Assessing the cost-effectiveness of drug and lifestyle intervention following opportunistic screening for pre-diabetes in primary care

Bertram, M. Y., Lim, S. S., Barendregt, J. J. and Vos, T. (2010) Assessing the cost-effectiveness of drug and lifestyle intervention following opportunistic screening for pre-diabetes in primary care. Diabetologia, 53 5: 875-881. doi:10.1007/s00125-010-1661-8

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Author Bertram, M. Y.
Lim, S. S.
Barendregt, J. J.
Vos, T.
Title Assessing the cost-effectiveness of drug and lifestyle intervention following opportunistic screening for pre-diabetes in primary care
Journal name Diabetologia   Check publisher's open access policy
ISSN 0012-186X
1432-0428
Publication date 2010-05
Sub-type Article (original research)
DOI 10.1007/s00125-010-1661-8
Volume 53
Issue 5
Start page 875
End page 881
Total pages 7
Editor Edwin A.M. Gale
Place of publication Berlin, Germany
Publisher Springer-Verlag
Collection year 2011
Language eng
Formatted abstract
Aims/hypothesis This study aims to evaluate the cost-effectiveness of a screening programme for pre-diabetes, which was followed up by treatment with pharmaceutical interventions (acarbose, metformin, orlistat) or lifestyle interventions (diet, exercise, diet and exercise) in order to prevent or slow the onset of diabetes in those at high risk.

Methods To approximate the experience of individuals with pre-diabetes in the Australian population, we used a microsimulation approach, following patient progression through diabetes, cardiovascular disease and renal failure. The model compares costs and disability-adjusted life years lived in people identified through an opportunistic screening programme for each intervention compared with a ‘do nothing’ scenario, which is representative of current practice. It is assumed that the effect of a lifestyle change will decay by 10% per year, while the effect of a pharmaceutical intervention remains constant throughout use.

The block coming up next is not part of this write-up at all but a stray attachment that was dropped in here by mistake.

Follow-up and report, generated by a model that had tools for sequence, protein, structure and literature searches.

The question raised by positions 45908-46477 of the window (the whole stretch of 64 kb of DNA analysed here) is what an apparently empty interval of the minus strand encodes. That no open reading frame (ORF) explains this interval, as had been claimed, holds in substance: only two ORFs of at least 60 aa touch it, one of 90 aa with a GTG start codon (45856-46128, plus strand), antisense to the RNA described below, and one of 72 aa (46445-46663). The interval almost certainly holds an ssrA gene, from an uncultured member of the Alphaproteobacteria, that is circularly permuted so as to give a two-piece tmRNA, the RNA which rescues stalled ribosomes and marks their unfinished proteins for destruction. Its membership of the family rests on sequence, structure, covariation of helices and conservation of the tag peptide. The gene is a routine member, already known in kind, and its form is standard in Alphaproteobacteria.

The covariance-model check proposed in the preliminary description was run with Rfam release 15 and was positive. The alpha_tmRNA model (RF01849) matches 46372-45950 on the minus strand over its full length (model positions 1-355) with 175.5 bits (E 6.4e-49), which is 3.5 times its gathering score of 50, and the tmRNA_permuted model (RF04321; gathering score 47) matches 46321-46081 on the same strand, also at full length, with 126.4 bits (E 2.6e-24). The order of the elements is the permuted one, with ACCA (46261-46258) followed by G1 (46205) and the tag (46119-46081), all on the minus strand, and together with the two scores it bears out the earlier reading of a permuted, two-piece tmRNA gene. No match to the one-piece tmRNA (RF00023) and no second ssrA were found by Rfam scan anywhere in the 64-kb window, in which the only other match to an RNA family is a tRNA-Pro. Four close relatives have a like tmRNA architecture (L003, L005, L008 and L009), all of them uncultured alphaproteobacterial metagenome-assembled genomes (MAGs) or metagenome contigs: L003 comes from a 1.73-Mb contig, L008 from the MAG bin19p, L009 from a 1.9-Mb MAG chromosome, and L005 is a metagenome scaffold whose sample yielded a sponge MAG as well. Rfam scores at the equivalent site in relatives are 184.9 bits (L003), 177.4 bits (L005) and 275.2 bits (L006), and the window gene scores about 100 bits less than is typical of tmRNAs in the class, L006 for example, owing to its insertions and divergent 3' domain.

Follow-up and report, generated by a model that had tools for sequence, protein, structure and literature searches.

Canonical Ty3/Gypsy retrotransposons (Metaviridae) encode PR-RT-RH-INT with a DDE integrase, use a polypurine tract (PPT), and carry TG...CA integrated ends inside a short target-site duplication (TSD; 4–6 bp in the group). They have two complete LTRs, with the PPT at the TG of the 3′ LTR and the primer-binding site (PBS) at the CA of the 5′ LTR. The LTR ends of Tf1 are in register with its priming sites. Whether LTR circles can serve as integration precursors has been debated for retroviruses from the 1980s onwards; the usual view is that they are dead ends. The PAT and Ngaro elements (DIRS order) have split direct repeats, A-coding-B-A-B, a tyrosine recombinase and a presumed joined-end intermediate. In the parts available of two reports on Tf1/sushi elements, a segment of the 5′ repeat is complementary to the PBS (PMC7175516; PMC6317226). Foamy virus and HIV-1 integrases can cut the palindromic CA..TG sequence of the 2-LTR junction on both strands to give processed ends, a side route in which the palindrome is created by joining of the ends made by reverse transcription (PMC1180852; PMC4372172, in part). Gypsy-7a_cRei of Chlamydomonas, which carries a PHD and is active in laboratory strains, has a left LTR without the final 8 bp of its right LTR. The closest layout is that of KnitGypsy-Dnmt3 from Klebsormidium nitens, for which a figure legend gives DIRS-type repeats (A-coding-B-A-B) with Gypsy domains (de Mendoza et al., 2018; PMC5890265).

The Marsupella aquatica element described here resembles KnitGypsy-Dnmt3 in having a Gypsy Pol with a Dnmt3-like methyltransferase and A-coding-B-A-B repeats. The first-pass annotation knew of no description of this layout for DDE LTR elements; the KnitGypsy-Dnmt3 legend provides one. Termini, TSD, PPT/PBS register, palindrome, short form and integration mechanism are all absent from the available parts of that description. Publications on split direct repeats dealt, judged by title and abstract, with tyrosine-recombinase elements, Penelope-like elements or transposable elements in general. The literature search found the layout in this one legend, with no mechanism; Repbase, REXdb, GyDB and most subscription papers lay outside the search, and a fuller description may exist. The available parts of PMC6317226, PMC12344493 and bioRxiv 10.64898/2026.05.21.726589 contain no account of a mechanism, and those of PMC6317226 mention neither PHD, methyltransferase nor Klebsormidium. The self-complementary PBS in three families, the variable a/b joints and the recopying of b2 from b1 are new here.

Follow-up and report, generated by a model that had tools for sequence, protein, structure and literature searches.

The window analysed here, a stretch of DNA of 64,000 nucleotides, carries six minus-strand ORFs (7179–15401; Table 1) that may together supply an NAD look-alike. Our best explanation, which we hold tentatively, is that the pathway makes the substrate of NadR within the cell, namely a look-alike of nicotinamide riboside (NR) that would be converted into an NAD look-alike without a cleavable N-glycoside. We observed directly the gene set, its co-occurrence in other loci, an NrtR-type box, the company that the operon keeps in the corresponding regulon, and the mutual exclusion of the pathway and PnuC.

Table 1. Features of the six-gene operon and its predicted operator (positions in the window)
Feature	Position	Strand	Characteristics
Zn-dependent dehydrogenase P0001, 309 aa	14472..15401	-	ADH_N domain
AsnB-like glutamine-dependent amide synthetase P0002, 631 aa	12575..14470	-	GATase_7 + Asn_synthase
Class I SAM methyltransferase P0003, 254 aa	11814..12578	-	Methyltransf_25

Results The most cost-effective intervention options are diet and exercise combined, with a cost-effectiveness ratio of AUD 22,500 per disability-adjusted life year (DALY) averted, and metformin with a cost-effectiveness ratio of AUD 21,500 per DALY averted. The incremental addition of one intervention to the other is not cost-effective.

Conclusions/interpretation Screening for pre-diabetes followed by diet and exercise, or metformin treatment is cost-effective and should be considered for incorporation into current practice. The number of dietitians and exercise physiologists needed to deliver such lifestyle change interventions will need to be increased to appropriately support the intervention.
© 2010 Springer-Verlag.
Keyword Cost-effectiveness
Economic evaluation
Pre-diabetes
Screening
Impaired glucose-tolerance
Melbourne stroke incidence
Diabetes prevention
Australia
Population
Strategies
Metformin
Subtypes
Acarbose
Insulin
Q-Index Code C1
Q-Index Status Confirmed Code
Institutional Status UQ
Additional Notes Electronic supplementary material: The online version of this article contains supplementary material

Document type: Journal Article
Sub-type: Article (original research)
Collections: Official 2011 Collection
School of Public Health Publications
 
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Created: Sun, 25 Apr 2010, 00:05:29 EST